United KingdomDos Guitarras Malaguenas: Juan Martin and El Chaparro de Malaga (guitars), Taliesin Theatre, Swansea, 12.10.2014 (LJ).
Montoya is usually the name that comes to mind whenever there is mention of flamenco style Spanish guitar. Ramon Montoya and his nephew Carlos were both formidable musicians who influenced performers such as Sabicas, Paco de Lucia and Tomatito, who became world renowned artists in their own right. Closely associated with ‘flamingo’, the flamenco is like a flame-coloured bird, though with perhaps more of the fieriness of the phoenix than the finesse of the flamingo. Originating from ‘Vlaminc’ which is Middle Dutch for ‘like a Gypsy’, this music emerged from Andalusian and Romani musical rhythms and requires both gusto and subtlety (again the bird analogy proves useful) to convey both the flamboyancy and sorrow it witholds. Interestingly, the Andalusian historian Blas Infante suggests that the word flamenco is derived from ‘fellah mengu’, an Arabic term meaning ‘expelled peasant’. Infante added that this term referred to the Moriscos who were Andalusians of Islamic faith who, in order to avoid religious persecution and enforced exile, joined with the Roma inhabitants. In much of Spanish culture, from its Mozarabic architecture (the Mezquita/Catedral of Cordoba) to its literature (Cervantes’ Don Quixote), Islamic influence is seen to be jostling with the increasing predominance of Christian faith. When writing his playful account of the book’s origins, Cervantes recounts that one day in the Toledo marketplace a young boy was trying to sell old notebooks and tattered scraps of paper covered with Arabic script. He then acquired one such manuscript and found a Moor to translate it. The Arabic script, the Moor tells him, is the ‘History of Don Quixote de la Mancha, written by Cide Hamete Benengeli, an Arab historian.’ Cervantes then brings the Moor to the cloister of a church and commissions a translation. This coalescing of traditions is succinctly described by food historian Lourdes March, who when describing Spain’s national dish, says of paella that it ‘symbolises the union and heritage of two important cultures, the Roman, which gives us the utensil and the Arab which brought us the basic food of humanity for centuries’.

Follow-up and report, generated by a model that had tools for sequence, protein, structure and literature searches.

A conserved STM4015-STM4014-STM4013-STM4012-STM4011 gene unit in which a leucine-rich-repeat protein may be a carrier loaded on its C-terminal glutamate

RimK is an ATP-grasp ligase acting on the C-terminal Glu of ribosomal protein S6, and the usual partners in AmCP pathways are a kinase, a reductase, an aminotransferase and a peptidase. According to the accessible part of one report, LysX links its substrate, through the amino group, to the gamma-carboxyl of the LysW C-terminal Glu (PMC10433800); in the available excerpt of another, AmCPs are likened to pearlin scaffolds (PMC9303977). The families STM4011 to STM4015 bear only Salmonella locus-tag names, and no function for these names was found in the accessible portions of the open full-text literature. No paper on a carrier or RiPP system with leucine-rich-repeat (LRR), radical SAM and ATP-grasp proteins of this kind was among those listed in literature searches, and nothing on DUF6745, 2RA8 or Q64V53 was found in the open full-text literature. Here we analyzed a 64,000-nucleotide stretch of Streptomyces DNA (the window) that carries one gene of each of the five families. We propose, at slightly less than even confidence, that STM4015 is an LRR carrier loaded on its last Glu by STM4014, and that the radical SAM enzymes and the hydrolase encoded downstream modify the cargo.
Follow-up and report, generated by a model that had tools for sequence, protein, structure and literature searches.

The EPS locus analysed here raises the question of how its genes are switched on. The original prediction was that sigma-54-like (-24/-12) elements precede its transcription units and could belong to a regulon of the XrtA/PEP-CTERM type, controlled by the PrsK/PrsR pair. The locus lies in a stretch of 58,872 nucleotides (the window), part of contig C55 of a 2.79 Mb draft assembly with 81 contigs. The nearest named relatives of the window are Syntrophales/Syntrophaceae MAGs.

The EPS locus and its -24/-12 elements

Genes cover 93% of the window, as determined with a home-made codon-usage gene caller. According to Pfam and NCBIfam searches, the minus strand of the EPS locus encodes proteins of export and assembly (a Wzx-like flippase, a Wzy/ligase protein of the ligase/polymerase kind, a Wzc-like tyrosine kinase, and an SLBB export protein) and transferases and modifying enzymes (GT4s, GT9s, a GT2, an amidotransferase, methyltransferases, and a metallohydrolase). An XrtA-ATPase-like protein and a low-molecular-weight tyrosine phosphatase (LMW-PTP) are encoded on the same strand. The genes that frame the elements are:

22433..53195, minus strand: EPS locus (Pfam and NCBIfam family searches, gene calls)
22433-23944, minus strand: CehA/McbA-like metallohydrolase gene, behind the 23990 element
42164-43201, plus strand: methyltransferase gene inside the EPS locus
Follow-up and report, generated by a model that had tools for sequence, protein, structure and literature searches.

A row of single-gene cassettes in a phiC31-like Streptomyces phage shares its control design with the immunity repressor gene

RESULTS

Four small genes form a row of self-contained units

Having studied under Nino Ricardo and Paco de Lucia in Madrid and performed with Herbie Hancock and Miles Davis, there is little doubt of Juan Martin’s kudos. But perhaps Martin’s most noteworthy performance to date is his recital for Picasso at his 90th birthday celebrations. Out of this concert his 1981 album Picasso Portraits, where each piece is a depiction of a Picasso painting, emerged.
Joined by the well-known accompanist El Chaparro de Malaga (Jose Antonio Conejo Vida), the duo performed an assortment of Spanish guitar styles with flare and imagination (including one of Martin’s own compositions, influenced by the great Spanish composer for piano Isaac Albeniz, entitled Farruca Martin).
Beginning with a Rondena, which has its origin in the Fandango Malagueno, Martin and El Chaporro took the audience on a musical journey through Spain. Introducing each piece with a short description of the style and region (Seville, Cadiz, and Granada, to name a few) the duo coloured each performance with character, performing with indefatigable vigour and integrity. As lead Martin was mesmerizingly virtuosic. His improvisational flare and natural ease when performing Malaguena along with his technical prowess and Hispanic character evident in La Chispa (translated as ‘the spark’) were well received by the audience at Swansea University’s Taliesin Theatre.
The accompaniment of El Chaporro was persistent and steady. Never competing with Martin for the limelight, El Chaporro was a modest accompanist with a rich tone. He played with depth of understanding sounding svelte whilst quite capable of providing a strong rhythmic underbelly to Martin’s fast-paced solos. Despite some moments where the two were slightly out-of-sync, the overall intention and purposefulness of each performance rendered the slight discrepancies of timing less noticeable than they would otherwise have been.
Their interpretation of thirteenth century songs (of the Nasrid period) was incredibly rich and lamenting, both bringing out the middle-eastern colours and highlighting the oud and lute origins behind the more modern Spanish guitar. Evoking the melting snows of the Sierra Nevada Mountains on the outskirts of Granada, Martin interprets the Spanish landscape with feeling and exactitude. Similarly evoking Moroccan musical textures, Martin’s Evocation from Damascus to Cordoba was a sublime intertwining of Eastern and Western styles. Playing the percussive La Feria (a Rumba of the Alhambra) for an encore, the duo performed with gusto from beginning to end, evoking the festive scene depicted by José Villegas Cordero in his painting entitled Baile andaluz (1893).
Though the poetry is to some extent overtly florid and elegiac in tone and saturated in youthful romanticism, Federico Garcia Lorca’s Impresiones y paisajes (‘Impressions and Landscapes’), first published in 1918 when the poet and playwright was only 19 is a small collection of meditations on Spain’s landscape, people and art. Both the feel and imagery conveyed in Lorca’s verse was expressed by Martin and El Chaporro. In Poem of the Solea, from an early collection of Lorca’s poetry entitled Poem of the Deep Song (1921), Lorca writes:
(Wind in the olive groves.
wind in the Sierra.)
of oil lamps
of deep cisterns.
Land of death without eyes
(Wind on the roads.
Breeze in the poplar groves.)